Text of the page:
“Reformed” is a word bandied about by all and sundry in all kinds of ways. But what really is a “reformed” Christian? Historically “reformed” refers to a tradition within Christianity that arose out of the sixteenth century Reformation. So, as a part of the Reformation 500 celebrations this year, I hope to clarify what is means to be “reformed”. It will help us understand something of what happened in the Reformation itself and its importance for us today.
The Problem with Labels
Labels like “Reformed” can be used unhelpfully. Some Christians wield “Reformed” to bully others. For example, some use it to exclude: “You’re not really reformed because you don’t believe in limited atonement”. Others use the label to claim superiority: “We Reformed affirm God’s grace in salvation unlike you Arminians”.
However, labels do have value. They help us classify information to better understand it. The “pine” and “gum” are both trees. These labels help us grasp the differences between two types of tree, and so aid their care and flourishing. And so, a label like “Reformed” helps us identify the unique characteristics of one strand within the Christian tradition; and to evaluate whether its emphases and reading of Scripture support our love and service toward God.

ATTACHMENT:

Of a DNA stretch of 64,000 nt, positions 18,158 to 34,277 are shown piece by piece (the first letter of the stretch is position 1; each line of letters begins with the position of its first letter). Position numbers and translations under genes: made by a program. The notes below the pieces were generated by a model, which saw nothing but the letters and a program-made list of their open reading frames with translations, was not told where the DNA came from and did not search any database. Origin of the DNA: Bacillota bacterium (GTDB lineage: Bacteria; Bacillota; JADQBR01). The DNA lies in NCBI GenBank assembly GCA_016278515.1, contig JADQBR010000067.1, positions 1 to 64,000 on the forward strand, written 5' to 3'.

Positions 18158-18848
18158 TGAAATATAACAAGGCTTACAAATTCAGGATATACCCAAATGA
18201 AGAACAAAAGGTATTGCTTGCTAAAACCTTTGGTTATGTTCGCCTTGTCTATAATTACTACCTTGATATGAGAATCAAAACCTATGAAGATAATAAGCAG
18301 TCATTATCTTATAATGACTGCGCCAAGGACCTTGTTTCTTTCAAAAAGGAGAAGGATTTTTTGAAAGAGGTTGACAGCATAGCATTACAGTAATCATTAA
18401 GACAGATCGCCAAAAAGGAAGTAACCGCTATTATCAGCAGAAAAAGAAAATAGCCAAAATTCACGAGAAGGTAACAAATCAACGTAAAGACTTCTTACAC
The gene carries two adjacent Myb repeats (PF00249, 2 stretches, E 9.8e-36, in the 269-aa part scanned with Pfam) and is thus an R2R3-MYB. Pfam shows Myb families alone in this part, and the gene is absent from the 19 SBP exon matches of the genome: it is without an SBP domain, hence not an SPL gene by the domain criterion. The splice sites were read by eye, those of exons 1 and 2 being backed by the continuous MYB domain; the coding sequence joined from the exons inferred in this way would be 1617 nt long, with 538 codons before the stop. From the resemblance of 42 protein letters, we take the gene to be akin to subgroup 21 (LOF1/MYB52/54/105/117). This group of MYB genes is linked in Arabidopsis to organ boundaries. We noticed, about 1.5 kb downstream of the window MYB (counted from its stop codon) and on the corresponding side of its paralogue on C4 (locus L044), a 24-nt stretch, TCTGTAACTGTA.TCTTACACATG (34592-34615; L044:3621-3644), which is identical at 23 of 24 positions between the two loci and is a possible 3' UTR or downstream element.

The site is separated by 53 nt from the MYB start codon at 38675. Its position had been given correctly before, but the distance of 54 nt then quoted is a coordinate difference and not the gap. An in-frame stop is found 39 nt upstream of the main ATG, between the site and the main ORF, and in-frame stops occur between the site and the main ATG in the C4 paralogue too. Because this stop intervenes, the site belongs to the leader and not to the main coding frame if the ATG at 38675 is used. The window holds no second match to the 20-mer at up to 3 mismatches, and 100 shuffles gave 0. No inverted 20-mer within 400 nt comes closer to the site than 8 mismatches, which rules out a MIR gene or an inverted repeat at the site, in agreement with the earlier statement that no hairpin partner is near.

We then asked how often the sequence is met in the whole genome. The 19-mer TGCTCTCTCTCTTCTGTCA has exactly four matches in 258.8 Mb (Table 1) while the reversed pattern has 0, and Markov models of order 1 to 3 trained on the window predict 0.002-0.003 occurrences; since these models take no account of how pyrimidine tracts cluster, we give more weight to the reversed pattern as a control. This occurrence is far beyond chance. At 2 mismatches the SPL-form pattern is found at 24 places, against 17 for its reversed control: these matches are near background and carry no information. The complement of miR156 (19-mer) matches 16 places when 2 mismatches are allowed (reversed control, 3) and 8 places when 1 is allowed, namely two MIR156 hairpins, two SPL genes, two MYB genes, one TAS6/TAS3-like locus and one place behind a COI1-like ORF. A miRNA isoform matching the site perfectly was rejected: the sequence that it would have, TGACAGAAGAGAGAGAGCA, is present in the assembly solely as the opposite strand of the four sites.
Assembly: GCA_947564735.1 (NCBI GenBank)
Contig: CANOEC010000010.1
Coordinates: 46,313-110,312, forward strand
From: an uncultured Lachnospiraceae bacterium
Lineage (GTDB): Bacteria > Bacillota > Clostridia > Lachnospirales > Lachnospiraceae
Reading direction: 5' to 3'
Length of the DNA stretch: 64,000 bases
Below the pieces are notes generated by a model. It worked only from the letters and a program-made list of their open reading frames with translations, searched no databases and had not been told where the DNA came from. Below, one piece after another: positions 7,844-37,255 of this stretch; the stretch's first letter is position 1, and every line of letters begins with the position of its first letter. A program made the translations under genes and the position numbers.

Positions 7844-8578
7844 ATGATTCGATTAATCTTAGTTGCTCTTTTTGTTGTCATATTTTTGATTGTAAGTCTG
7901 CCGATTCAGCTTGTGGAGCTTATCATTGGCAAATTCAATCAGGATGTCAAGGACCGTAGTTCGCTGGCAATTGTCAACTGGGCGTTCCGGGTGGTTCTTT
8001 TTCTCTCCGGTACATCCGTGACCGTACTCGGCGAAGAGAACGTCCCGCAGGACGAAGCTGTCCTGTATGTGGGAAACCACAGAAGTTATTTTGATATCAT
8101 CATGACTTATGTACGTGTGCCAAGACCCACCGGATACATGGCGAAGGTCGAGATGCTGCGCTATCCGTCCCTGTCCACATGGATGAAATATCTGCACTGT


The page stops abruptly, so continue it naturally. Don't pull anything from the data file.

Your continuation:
The Problem with “Calvinist”
Many use the label “Calvinist” as a synonym for “reformed”. But there are two problems with this. Firstly, “Calvinist” was originally a term of abuse, and so lacked a precise meaning. And over the years it’s accumulated even more baggage, muddying its meaning even more. But, secondly and more importantly, no reformed Christian of the sixteenth or seventeenth century understood John Calvin as defining their tradition in toto. He was viewed as one figure amongst others like Huldrych Zwingli, Martin Bucer, Henry Bullinger, John Oecolampadius, and Peter Martyr Vermigli, who all helped found the reformed tradition. Yes, Calvin was a giant amongst them. But his writings were neither confessional nor regulative for the reformed. Calvin is not enough.
The Problem with TULIP